H.P. Lovecraft vs Aleister Crowley, Issue 1 review
H.P. Lovecraft vs Aleister Crowley, Issue 1, written and illustrated by Monty Borror. Published by Geeksville Ent. Pro.
This 26-page comic, the first in a series, follows the traditions of early 20th-century detective pulp fiction. The artwork has a grainy film noir effect that works very well with the time period and the characters, or players as Borror calls them. The main characters are two detectives – one male, Dr Styx, and the other female, Diane Rosen, who hunt demons. A new case is brought to them by Aleister Crowley, yes that Crowley, after HP Lovecraft taunts him, claiming he can achieve something that the great magician could not.
A disclaimer expressing the fictional nature of the story and characterisations might have been appropriate here. Neither Crowley nor Lovecraft are shown in a positive light and it could cause offence to their Estates and fans, something Borror might choose to consider.
The story is interesting and there is plenty of tension provided as much by the things that aren’t explained in the first episode as the things that are. The female characters in the comic are, what seems inevitably, hyper-sexualised and although their faces are interesting and suggest diversity they tend to be shown virtually naked or, in the case of Diane, their clothing clings to them in ways that infer nudity, I found this a little off putting, but it might well sit better with other readers who may not yet be bored with this trope. The male characters are well drawn and have individual quirks that set them apart nicely both in their physical appearance and behaviours.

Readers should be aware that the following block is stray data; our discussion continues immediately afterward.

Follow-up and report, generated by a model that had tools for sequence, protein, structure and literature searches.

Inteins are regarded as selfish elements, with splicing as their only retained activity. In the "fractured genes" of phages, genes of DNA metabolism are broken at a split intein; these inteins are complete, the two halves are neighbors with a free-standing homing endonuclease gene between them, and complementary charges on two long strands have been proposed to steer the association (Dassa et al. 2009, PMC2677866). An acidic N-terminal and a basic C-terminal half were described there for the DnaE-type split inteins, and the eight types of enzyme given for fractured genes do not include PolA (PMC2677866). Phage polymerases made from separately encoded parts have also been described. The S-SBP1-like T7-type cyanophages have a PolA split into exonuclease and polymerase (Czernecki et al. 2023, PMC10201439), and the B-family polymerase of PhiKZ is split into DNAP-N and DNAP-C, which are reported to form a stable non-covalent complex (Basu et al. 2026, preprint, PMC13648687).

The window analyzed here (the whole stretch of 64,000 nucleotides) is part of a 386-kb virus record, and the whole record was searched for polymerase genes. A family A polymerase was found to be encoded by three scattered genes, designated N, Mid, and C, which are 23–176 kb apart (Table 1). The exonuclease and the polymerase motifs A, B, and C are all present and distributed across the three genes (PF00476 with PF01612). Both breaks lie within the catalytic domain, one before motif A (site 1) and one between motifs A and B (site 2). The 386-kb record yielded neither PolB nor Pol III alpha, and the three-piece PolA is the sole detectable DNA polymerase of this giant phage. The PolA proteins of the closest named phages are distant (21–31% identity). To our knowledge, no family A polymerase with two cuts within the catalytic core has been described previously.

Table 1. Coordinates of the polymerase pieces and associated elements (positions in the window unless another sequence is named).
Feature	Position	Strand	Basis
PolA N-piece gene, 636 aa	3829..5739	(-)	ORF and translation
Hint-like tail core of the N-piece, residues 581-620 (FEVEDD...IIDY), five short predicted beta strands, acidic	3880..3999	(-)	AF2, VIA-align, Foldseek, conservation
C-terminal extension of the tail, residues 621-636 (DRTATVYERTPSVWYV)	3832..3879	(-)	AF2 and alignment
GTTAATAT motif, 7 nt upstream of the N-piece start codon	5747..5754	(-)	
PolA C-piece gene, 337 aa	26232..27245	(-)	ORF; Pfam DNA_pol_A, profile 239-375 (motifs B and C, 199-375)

The narrative is easy to follow and the dialogue works well. In spite of the presence of demons it feels and looks very much like a superhero comic and Crowley and Lovecraft are drawn as the bad guys, one to be taken down and the other to be temporarily trusted. Lovecraft is portrayed as a prissy man-child, desperate for attention, and Crowley as too sex obsessed to even keep up with the plot.
The cliffhanger is strong enough for me to want to keep reading and Dr Styx is interesting enough for me to want to find out more. The artwork is effective and gives a feeling of urgency to the narrative. The story seemed under-developed and I was hoping for a more philosophical narrative when I read the names Crowley and Lovecraft in the title, but as this is only the first in a series it may be too early to complain about such things.
To find out more about Monty Borror and his work, visit his website.